PDGF-BB isomer is found to be critical in angiogenesis and is highly expressed in tumor, mediating oncogenic pericyte recruitment. PDGF-BB is an important regulator of bone homeostasis, repair and regeneration. Potency: 1.0-3.0 ng/mL EC50.
Platelet-derived growth factor (PDGF) elicits multifunctional actions with a variety of cells. It is mitogenic to mesoderm-derived cells, such as dermal and tendon fibroblasts, vascular smooth muscle cells, glial cells, and chondrocytes. PDGF significantly activates chemotaxis of neutrophils, monocytes, and fibroblasts. It increases the synthesis of phospholipids, cholesterol esters, glycogen and prostaglandins, and modulates LDL (low density lipoprotein) receptor binding. PDGF stimulates fibroblast proliferation and extracellular matrix production in order to facilitate tissue repair. Platelet-derived growth factor (PDGF) is expressed as homo and heterodimers : PDGF-AB FDGF-AA, PDGF-BB, PDGF-CC and PDGF-DD. The PDGF gene is highly conserved mapped to human chromosome 7p22.3. The active form of Pdgf exists as disulfide-linked dimers. It consists of cystine-knot-fold growth factor domain, which is highly conserved, except for the N-terminal prodomain, which shows variation in length among the isoforms.
≥98% (HPLC and SDS-PAGE)
Lyophilized from a 0.2 μm filtered solution in 30 mM acetic acid.
The biological activity is measured by its ability to stimulate 3H-thymidine incorporation in quiescent NR6R-3T3 fibroblasts.
Platelet-Derived Growth Factor-BB human has been used: As a growth supplement in proximal tubule and glomerular explant cell culture; In three-dimensional scaffold preparation; To study the effect of brivanib on growth factor signaling pathways; In transwell migration assay.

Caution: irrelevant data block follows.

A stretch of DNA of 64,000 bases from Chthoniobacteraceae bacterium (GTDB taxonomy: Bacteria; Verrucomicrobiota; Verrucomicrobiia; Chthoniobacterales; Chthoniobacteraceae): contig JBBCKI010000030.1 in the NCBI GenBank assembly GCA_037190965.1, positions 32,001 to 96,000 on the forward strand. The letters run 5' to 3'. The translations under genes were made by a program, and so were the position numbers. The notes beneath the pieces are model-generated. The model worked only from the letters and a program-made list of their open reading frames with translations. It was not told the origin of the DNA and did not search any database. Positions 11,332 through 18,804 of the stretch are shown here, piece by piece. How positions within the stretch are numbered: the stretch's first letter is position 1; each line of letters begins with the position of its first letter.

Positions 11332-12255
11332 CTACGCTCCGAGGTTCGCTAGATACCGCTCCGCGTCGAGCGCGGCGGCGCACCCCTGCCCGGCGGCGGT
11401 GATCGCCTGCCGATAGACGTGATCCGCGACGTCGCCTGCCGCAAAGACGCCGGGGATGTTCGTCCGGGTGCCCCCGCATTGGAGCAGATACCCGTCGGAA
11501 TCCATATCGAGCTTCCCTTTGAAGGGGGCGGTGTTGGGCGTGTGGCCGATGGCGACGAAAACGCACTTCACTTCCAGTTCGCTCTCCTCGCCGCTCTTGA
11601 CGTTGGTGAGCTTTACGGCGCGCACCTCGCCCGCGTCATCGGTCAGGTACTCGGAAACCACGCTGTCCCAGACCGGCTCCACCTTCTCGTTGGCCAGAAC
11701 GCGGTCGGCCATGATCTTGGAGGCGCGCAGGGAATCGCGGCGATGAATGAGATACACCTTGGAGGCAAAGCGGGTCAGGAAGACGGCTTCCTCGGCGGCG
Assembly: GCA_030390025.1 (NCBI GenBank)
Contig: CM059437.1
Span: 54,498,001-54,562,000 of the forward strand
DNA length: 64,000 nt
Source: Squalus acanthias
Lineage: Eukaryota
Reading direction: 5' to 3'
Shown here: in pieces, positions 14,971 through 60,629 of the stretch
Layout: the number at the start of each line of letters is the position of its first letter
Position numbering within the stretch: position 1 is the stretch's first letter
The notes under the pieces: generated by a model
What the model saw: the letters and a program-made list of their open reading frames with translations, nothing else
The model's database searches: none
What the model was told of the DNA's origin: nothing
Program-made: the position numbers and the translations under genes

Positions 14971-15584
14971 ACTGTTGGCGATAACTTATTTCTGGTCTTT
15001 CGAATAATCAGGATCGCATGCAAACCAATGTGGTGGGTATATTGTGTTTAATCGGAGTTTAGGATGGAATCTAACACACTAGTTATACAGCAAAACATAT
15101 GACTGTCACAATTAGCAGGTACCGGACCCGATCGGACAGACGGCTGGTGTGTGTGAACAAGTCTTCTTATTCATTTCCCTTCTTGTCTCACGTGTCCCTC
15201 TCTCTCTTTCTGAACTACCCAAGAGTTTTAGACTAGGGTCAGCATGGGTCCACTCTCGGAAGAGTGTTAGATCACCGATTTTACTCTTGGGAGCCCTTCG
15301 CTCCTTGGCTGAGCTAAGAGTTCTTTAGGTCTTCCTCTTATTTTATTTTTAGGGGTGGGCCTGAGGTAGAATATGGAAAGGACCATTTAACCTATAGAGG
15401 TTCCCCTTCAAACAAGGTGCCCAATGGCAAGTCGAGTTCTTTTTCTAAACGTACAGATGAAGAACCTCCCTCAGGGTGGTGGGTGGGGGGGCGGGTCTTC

Examples of Clinical Use:
Be critical in angiogenesis, bone homeostasis, repair and regeneration.
Platelet-Derived Growth Factor-BB (PDGF-BB) stands out as a pivotal signaling molecule with diverse roles in various cellular processes (1). This review delves into the multifaceted nature of PDGF-BB, shedding light on its mechanisms of action, physiological functions, and implications across different biological contexts. The intricate interplay of PDGF-BB in cell proliferation, migration, angiogenesis, and tissue repair underscores its significance in both health and disease.
Mechanisms of Action
PDGF-BB, a member of the PDGF family, exerts its biological effects primarily through binding to two receptor types: PDGF receptor alpha (PDGFRα) and PDGF receptor beta (PDGFRβ) (2). This duality in receptor specificity leads to a range of downstream signaling events. Upon ligand binding, receptor dimerization occurs, followed by autophosphorylation and activation of intracellular kinases, such as the mitogen-activated protein kinase (MAPK) and phosphoinositide 3-kinase (PI3K) pathways. These cascades collectively regulate cellular processes, including gene expression, cytoskeletal rearrangement, and survival.